The wretched refuse of your teeming shore.
Send these, the homeless, tempest-tossed to me.
I lift my lamp beside the golden door."
I wish I had written that. Many people don't know the story behind the poem. In 1883, Emma Lazarus, an already respected and quite young Jewish-American poet, wrote it to help raise funds for the construction of my pedestal. Keep in mind that the French paid for me and my construction, while Americans raised funds to pay for my pedestal, so that when I finally arrived in America I would have a place to stand.

Of course, it wasn't until 1903, sixteen years after Emma's death, that her world-inspiring sonnet was engraved on a brass plaque and added to my pedestal. Emma's poem helped enhance my image. It captured just the message and spirit I wanted to express. I owe her a debt of gratitude.

Q: What does it say on your tablet?

A: Oh, that's great trivia! Some people imagine I am holding a volume of the Corpus Juris Secundum. The answer is, the tablet I cradle in my left arm bears the inscription for "July 4, 1776" in Roman numerals, or "July IV, MDCCLXXVI." Any other facts you'd like to know? I am a one-woman trivial pursuit game. My arm holding the torch measures 46 feet. My index finger alone is eight feet long and my hands are almost 17-feet wide. I've got 31 tons of copper in my shell and 125 tons of steel in my skeleton. My foundation is made of 24,000 tons of concrete. The French ship that transported me to America was named the Isere. I was New York's tallest structure until 1899 when Saint Paul's Building was built at 310 feet. Of course, you can get all this and lots more on the Internet. I love the Internet.

Q: You are endlessly fascinating. While we are getting a bit personal, we can't help but admire your hat.

A: Gosh, this old thing? Why thank you. Actually, it's a crown. I do not mind telling you about it. It has 25 viewing windows, representing the 25 gemstones of Earth. And the seven rays of my crown represent the seven seas and seven continents of the world. Nice, huh?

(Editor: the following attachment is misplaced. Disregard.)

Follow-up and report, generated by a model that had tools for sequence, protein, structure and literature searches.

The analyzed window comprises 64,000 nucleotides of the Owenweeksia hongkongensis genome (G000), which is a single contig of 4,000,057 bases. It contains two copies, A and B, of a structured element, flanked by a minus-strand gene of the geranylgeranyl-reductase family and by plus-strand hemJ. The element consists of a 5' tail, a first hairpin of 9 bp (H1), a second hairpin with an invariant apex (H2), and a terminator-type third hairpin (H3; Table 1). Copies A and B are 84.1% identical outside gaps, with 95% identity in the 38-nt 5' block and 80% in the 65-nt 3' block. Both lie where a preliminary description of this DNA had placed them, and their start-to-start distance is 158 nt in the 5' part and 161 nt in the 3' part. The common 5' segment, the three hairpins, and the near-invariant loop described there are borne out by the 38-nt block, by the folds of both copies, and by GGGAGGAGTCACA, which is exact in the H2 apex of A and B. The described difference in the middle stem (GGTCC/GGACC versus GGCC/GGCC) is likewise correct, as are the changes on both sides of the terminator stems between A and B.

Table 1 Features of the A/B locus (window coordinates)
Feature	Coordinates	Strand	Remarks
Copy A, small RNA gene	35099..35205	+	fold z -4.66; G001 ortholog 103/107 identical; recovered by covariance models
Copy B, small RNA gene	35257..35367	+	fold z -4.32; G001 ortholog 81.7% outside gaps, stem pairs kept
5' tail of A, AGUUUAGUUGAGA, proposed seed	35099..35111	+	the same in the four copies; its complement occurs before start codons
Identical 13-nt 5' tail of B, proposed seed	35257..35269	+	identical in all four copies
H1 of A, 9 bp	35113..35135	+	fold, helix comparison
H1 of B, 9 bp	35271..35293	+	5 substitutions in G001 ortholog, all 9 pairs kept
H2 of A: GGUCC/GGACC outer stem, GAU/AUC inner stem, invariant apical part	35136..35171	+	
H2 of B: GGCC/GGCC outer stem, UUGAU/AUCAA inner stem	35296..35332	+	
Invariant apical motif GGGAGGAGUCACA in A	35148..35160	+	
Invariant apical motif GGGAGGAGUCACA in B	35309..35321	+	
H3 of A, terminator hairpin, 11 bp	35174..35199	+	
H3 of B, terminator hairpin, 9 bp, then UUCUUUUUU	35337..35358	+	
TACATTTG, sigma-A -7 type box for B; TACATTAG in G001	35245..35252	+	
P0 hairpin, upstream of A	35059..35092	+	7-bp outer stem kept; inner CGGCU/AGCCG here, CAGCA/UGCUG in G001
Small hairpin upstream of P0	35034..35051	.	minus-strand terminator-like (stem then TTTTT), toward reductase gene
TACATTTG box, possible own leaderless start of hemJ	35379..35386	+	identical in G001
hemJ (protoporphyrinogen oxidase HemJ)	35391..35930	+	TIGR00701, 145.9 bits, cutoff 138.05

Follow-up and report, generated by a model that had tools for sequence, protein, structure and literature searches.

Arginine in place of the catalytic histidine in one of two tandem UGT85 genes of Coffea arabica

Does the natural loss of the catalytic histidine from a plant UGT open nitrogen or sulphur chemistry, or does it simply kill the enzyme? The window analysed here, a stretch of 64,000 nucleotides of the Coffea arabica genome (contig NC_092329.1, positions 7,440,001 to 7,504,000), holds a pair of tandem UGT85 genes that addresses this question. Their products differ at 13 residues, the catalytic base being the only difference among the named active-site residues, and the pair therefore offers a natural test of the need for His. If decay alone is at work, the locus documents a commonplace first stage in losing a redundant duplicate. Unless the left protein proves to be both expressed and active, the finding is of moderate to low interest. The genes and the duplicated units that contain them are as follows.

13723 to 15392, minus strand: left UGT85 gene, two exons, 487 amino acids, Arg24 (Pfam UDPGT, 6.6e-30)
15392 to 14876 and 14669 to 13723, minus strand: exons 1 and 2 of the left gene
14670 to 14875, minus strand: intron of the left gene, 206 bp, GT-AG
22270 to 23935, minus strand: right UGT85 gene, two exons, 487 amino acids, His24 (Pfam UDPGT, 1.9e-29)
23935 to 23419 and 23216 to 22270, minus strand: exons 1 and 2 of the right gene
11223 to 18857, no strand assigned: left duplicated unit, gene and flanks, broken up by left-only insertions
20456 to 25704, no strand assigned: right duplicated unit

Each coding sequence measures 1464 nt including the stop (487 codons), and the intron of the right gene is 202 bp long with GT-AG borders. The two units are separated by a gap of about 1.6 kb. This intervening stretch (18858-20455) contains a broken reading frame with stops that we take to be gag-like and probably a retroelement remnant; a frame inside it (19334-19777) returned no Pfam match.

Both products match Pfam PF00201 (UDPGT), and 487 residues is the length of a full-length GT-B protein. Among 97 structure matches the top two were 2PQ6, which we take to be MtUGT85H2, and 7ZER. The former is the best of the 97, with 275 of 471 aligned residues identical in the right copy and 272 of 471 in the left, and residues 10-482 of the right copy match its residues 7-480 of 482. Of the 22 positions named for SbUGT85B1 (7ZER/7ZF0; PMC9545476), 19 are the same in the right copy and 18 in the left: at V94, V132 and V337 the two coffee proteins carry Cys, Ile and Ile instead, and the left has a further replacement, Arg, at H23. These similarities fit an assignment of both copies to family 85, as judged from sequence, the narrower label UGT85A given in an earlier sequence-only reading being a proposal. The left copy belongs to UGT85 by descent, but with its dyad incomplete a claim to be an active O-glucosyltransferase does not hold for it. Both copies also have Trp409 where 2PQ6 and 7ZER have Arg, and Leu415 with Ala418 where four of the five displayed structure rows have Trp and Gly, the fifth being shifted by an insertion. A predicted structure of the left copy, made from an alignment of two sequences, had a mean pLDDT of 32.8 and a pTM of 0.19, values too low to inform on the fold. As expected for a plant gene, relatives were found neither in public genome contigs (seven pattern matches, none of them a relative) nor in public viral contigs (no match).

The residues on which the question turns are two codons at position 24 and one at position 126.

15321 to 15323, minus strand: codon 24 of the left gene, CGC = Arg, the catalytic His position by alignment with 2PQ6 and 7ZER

Q: Beautiful. By the way, they say justice is blind. Are you blind too?

A: Not at all, I have perfect vision. And the fact is, Justice is a true visionary herself. She's not actually blind, she covers her eyes to symbolically demonstrate that every person is entitled to equal and fair treatment under the law. You should really give her a Law Star, too. She and I are great friends, like the characters on Sex and the City. Theoretically, we can wear the same clothes. And don't forget our first cousin, Lady Freedom, the symbol atop the U.S. Capitol building.

Q: Indeed. Now, what events in American history make you most proud?

A: Wow. There have been many. Some of the greatest historic events occurred before I was born and actually made it possible for me to be here, particularly the American Revolution. I also had the privilege to personally experience the unfolding of such remarkable moments in history such as the defeat of Hitler and fascism during World War II, the civil rights movement, the women's suffrage movement, and lots more. It's been a tumultuous time. History is a nonstop process. I am just glad to be part of it all.

Q: What is your biggest source of pride and feeling of accomplishment so far?